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Eddie Gillanders: Pointing the finger at farming community over livestock emissions is unfair and misleading

By Eddie Gillanders

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FARMERS are getting fed up being told of the contribution they will be expected to make to reduce carbon emissions to meet the Scottish Government’s ambitious target of a 75 per cent reduction by 2030 and net zero emissions by 2045.

The finger is being pointed at livestock farming in particular.
The finger is being pointed at livestock farming in particular.

The finger is being pointed at livestock farming in particular which farmers claim is grossly unfair as the industry has made tremendous strides in reducing emissions in recent years and emission figures for livestock take no account of the sequestration of carbon.

Farmers also feel the big industrial emitters are dodging the issue by buying carbon credits rather than reducing their own carbon emissions. Some farmers obviously benefit from this trading but may jeopardise their business in the longer-term.

The scientific evidence for climate change is indisputable according to scientists and this was explained in great detail by Prof Peter Smith, professor of soils and global change at Aberdeen University, speaking at a recent meeting of the Aberdeen Climate Action group.

He called for a reduction in ruminant livestock numbers, reduced nitrogen use, action to improve soil organic matter, reduced tillage, new dietary additives and the creation of carbon sinks in the form of trees, hedgerows and soils.

He questioned the role of grass in carbon sequestration, pointing out that most grasses were close to saturation and unable to sequestrate any more carbon, thus completely undermining the argument farmers cling to that the carbon emissions from grazing livestock are minimal because of sequestration by grass.

Which perhaps explains why senior civil servants in the government’s agricultural department have been advocating a 30 per cent decrease in the national cattle herd which is not only the cornerstone of Scotland’s meat industry but the key to the rural economy in many parts of Scotland, particularly in the North-east and Highlands.

The discussion was, however, balanced by another speaker, New Zealand-born farmer and former economist with Scotland’s rural college, Roger Polson, who was brave enough to step into the lion’s den, and explain how he had managed to reduce the carbon footprint of his farm of Knock, near Huntly, to net zero without decimating his suckler cow herd and livestock enterprise.

Roger Polson has made great strides with his farm near Huntly. Picture: Ian Simpson
Roger Polson has made great strides with his farm near Huntly. Picture: Ian Simpson

He said he had started out with very clear objectives when the family made the decision to adopt organic farming.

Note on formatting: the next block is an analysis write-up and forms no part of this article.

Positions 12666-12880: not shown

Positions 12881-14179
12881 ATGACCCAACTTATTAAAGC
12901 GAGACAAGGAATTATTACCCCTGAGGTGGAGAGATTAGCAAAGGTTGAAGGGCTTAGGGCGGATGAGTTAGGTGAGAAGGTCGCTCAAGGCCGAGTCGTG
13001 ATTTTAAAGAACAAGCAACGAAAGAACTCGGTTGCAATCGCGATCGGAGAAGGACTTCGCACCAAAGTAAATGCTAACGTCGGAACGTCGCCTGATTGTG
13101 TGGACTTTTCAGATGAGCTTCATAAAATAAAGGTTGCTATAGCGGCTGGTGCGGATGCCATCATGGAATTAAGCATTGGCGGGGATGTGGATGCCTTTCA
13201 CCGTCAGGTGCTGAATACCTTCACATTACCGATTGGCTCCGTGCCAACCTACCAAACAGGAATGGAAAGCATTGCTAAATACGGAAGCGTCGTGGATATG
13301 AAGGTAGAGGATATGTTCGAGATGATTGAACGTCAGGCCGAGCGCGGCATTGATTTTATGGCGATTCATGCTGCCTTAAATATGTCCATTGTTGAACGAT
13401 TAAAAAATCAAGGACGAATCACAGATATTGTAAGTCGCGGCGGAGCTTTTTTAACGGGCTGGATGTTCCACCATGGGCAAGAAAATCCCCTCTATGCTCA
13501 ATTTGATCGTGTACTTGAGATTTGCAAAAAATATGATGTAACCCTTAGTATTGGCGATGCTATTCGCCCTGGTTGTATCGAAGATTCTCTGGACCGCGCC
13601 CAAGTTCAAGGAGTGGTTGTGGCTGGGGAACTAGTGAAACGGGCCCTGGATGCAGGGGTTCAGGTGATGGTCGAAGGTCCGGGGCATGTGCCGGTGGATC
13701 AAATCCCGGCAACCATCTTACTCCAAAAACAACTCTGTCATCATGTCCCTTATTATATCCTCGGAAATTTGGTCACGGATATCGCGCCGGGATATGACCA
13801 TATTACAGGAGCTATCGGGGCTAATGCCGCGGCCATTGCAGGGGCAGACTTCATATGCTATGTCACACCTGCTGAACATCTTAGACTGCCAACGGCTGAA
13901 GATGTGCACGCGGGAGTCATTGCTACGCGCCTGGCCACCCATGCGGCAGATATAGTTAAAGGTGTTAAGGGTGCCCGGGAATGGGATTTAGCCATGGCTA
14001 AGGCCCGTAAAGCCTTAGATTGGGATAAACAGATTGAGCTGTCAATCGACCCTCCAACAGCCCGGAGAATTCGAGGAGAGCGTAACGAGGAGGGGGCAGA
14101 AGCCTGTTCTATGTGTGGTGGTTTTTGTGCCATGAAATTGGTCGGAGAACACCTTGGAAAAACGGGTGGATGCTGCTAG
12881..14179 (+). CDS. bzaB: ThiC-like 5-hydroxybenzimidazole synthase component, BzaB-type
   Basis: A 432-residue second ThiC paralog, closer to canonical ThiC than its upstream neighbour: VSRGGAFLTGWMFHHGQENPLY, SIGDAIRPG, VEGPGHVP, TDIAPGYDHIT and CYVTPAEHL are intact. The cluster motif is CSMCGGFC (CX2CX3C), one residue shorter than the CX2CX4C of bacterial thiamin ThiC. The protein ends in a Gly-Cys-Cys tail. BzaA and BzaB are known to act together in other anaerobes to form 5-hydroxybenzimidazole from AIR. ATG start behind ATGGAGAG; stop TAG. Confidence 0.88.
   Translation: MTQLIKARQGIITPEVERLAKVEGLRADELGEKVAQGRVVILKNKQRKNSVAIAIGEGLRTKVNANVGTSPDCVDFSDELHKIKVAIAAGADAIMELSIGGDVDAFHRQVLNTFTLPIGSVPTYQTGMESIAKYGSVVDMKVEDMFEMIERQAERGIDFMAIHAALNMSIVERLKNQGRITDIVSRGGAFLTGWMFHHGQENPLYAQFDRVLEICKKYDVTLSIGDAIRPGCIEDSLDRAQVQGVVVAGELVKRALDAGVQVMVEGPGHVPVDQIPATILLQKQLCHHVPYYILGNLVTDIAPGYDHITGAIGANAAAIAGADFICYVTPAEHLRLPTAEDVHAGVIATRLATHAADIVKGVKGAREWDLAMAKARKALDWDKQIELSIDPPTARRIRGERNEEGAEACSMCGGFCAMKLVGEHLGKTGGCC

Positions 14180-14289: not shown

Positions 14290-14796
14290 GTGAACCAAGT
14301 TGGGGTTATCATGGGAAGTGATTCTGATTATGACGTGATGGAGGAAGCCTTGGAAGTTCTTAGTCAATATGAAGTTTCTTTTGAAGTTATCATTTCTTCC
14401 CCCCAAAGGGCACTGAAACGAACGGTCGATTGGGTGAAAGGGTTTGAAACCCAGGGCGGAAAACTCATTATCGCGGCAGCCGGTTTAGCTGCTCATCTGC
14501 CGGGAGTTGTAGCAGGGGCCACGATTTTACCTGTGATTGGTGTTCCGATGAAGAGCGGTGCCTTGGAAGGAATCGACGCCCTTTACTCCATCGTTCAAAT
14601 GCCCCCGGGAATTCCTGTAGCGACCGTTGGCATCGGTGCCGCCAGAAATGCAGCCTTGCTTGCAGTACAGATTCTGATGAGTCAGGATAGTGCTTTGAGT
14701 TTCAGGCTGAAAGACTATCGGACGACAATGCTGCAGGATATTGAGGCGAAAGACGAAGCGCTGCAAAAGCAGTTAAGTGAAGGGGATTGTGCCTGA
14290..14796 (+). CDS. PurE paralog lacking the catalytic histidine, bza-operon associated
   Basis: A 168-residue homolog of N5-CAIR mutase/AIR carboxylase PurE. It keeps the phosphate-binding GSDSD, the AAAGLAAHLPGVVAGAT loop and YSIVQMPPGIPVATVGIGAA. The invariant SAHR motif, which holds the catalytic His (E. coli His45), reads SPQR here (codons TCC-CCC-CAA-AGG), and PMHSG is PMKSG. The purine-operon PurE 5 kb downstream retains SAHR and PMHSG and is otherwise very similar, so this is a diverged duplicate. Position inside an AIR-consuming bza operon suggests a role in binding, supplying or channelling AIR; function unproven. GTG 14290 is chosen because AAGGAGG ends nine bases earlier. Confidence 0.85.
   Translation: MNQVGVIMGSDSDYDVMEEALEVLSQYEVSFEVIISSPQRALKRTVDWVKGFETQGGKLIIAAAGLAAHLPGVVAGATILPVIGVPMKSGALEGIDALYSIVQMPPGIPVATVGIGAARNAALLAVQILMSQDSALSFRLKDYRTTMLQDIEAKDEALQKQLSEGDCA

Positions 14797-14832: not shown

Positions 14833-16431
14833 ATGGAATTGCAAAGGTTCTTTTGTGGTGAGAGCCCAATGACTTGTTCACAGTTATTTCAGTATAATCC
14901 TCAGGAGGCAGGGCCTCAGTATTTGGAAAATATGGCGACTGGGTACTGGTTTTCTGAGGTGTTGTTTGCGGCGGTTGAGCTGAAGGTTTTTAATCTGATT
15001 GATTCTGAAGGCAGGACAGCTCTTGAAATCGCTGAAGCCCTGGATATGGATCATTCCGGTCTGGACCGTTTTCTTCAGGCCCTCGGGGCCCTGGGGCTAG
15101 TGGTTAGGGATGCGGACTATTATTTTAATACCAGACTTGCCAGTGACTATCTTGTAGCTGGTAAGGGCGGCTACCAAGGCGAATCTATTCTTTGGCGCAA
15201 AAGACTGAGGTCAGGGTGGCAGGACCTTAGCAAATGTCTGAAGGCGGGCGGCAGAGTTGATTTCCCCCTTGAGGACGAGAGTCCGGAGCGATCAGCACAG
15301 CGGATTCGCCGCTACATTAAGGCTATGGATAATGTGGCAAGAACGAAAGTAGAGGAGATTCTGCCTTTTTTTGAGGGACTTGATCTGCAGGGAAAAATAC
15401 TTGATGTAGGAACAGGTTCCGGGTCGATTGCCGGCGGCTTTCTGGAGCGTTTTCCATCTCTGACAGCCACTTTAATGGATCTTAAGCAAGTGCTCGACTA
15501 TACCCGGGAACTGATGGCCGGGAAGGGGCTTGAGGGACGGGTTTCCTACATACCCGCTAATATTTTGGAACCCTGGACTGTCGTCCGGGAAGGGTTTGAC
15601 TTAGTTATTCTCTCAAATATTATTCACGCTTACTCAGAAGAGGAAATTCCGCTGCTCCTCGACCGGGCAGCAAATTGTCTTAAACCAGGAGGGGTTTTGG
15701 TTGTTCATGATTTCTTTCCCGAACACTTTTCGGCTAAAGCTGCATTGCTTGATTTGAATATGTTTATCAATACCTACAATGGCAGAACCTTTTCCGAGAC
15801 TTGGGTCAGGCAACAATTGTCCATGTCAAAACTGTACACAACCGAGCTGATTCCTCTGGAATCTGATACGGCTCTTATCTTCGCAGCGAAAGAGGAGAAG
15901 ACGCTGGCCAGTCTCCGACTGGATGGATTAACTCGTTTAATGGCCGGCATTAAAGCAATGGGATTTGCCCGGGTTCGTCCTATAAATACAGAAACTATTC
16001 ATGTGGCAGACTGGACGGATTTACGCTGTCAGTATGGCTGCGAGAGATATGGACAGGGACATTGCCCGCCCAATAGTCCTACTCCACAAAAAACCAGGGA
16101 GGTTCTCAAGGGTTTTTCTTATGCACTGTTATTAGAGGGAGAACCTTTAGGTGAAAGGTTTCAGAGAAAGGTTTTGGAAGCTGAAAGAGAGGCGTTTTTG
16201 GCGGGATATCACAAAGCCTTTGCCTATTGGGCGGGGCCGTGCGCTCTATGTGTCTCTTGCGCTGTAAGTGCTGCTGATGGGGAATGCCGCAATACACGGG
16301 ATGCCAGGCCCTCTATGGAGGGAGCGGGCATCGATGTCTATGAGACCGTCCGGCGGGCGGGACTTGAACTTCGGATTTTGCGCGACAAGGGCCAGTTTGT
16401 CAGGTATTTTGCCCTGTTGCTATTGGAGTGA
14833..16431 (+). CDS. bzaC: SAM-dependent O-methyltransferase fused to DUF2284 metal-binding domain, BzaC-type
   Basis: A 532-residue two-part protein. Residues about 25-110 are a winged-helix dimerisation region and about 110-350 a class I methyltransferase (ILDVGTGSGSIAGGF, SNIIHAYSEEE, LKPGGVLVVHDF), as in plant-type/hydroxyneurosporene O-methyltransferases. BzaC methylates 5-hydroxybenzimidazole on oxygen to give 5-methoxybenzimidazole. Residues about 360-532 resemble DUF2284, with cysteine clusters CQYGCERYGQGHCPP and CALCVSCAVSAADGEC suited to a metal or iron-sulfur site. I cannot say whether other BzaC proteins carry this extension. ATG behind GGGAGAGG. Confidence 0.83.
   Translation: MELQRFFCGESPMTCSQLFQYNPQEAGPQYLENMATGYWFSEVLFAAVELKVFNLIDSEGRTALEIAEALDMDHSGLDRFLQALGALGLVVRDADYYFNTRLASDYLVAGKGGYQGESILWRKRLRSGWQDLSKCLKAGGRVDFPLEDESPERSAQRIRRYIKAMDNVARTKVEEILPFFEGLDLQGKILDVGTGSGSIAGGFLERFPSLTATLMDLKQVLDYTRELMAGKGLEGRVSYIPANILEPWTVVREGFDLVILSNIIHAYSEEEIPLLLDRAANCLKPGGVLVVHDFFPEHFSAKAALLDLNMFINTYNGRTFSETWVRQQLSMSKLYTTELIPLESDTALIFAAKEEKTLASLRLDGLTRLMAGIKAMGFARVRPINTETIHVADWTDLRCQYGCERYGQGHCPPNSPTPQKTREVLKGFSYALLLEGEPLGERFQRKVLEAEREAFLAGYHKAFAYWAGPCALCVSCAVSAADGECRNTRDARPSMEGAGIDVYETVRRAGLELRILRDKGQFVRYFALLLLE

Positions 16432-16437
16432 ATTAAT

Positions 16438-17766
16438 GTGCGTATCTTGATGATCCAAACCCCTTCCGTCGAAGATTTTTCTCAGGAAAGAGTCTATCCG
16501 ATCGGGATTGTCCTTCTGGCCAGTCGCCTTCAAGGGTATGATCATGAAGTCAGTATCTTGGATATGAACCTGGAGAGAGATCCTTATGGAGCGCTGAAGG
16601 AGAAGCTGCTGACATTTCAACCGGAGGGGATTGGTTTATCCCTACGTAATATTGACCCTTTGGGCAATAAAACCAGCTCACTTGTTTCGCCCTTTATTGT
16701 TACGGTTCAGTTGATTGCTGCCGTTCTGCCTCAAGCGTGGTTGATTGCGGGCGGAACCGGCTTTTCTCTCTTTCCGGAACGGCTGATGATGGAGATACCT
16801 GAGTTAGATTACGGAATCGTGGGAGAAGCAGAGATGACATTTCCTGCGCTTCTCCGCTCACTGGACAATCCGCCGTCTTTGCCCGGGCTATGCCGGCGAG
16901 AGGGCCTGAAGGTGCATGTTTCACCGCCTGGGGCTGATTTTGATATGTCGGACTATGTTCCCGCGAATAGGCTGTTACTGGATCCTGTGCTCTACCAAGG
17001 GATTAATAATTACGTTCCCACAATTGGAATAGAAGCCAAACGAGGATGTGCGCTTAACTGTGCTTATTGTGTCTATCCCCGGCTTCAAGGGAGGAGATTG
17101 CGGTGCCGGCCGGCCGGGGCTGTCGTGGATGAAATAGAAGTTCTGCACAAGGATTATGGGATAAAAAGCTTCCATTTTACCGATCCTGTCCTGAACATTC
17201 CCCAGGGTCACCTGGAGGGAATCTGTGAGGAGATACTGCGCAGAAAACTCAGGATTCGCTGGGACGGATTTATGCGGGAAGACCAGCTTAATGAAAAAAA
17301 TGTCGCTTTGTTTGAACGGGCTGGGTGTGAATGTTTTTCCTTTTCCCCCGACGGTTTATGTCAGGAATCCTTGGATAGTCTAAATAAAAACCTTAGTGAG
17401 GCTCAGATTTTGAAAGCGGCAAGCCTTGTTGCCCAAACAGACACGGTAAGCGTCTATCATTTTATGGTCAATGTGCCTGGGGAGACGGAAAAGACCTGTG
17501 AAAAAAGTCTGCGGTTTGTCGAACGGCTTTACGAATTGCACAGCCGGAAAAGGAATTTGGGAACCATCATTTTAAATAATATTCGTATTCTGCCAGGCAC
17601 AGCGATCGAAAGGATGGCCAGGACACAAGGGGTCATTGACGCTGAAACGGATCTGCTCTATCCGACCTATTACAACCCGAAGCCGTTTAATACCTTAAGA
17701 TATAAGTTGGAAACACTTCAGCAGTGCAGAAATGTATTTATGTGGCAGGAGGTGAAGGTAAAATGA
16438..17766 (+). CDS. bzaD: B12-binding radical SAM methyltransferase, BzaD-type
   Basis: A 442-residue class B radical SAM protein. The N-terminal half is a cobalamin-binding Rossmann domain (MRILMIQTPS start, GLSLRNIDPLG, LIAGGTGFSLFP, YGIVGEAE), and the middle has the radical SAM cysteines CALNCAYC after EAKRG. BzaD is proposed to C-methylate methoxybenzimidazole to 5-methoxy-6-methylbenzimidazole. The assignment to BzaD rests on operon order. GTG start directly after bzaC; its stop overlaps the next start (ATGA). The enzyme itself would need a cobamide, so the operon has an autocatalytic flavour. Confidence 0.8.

These were:

Survive as a business.

Provide a fair living for the family.

Continue to maintain and improve the quality, biodiversity and amenity of the soils, landscape and habitats on the farm while maintaining a mixed farming system.

He paid tribute to father-in-law, the late John McNicol, who kept the farm in good heart by carrying out extensive drainage and land improvement but had always respected the science of soil management.

Today, 40 per cent of Knock Farm is in arable rotation, 7 per cent is permanent grass, 20 per cent rough grazing of which 32 per cent is part of a site of special scientific interest (SSSI), and 10 per cent is managed for commercial forestry.

A quarter of the arm is managed primarily for nature/conservation and is not grazed or ploughed. This includes moorland areas where stock have been removed to allow trees to re-establish and will be used as grazed moorland in the future.

The arable land is farmed in a rotation of two or three years crop and back to grass/clover leys for five years. Barley is grown for both malting and animal feed and beans, peas and buckwheat are also grown.

The farm supports a herd of suckler cows and breeding ewes with all replacements bred on the farm. No cattle have been brought on to the farm since 1996 and no sheep since 1919, apart from breeding males.

Roger started the nutrient budgeting of nitrogen, phosphate and potash as far back as 2003 and was immediately struck in horror about the amount of nutrients being wasted, particularly nitrogen, only 20 per cent of which went off the farm in protein in the form of livestock or barley. This persuaded him to adopt organic farming.

Stock numbers and the cropping were reduced initially and by 2007 nitrogen use had fallen from 38.3 tonnes to 15.7 tonnes but output had also fallen from 7.8 tonnes to 2.8 tonnes.

But most nitrogen was atmospheric depositions or fixation by legumes rather than bought-in artificial fertiliser.

An early study showed the farm was emitting 921 tonnes of carbon and sequestrating only 441 tonnes but tree planting soon helped to increase sequestrations to 1100 tonnes and today the carbon footprint of the farm is still positive despite livestock numbers increasing again.

“I cannot understand,” Roger said, “how the grazing animal can be so negatively considered in the fight to halt the rising levels of greenhouse gas emissions. Ruminants have been emitting methane and carbon dioxide to feed plants that in turn feed animals since time immemorial. Only one thing has changed and that is the release of fossilised carbon in the form of coal, oil and natural gas.”

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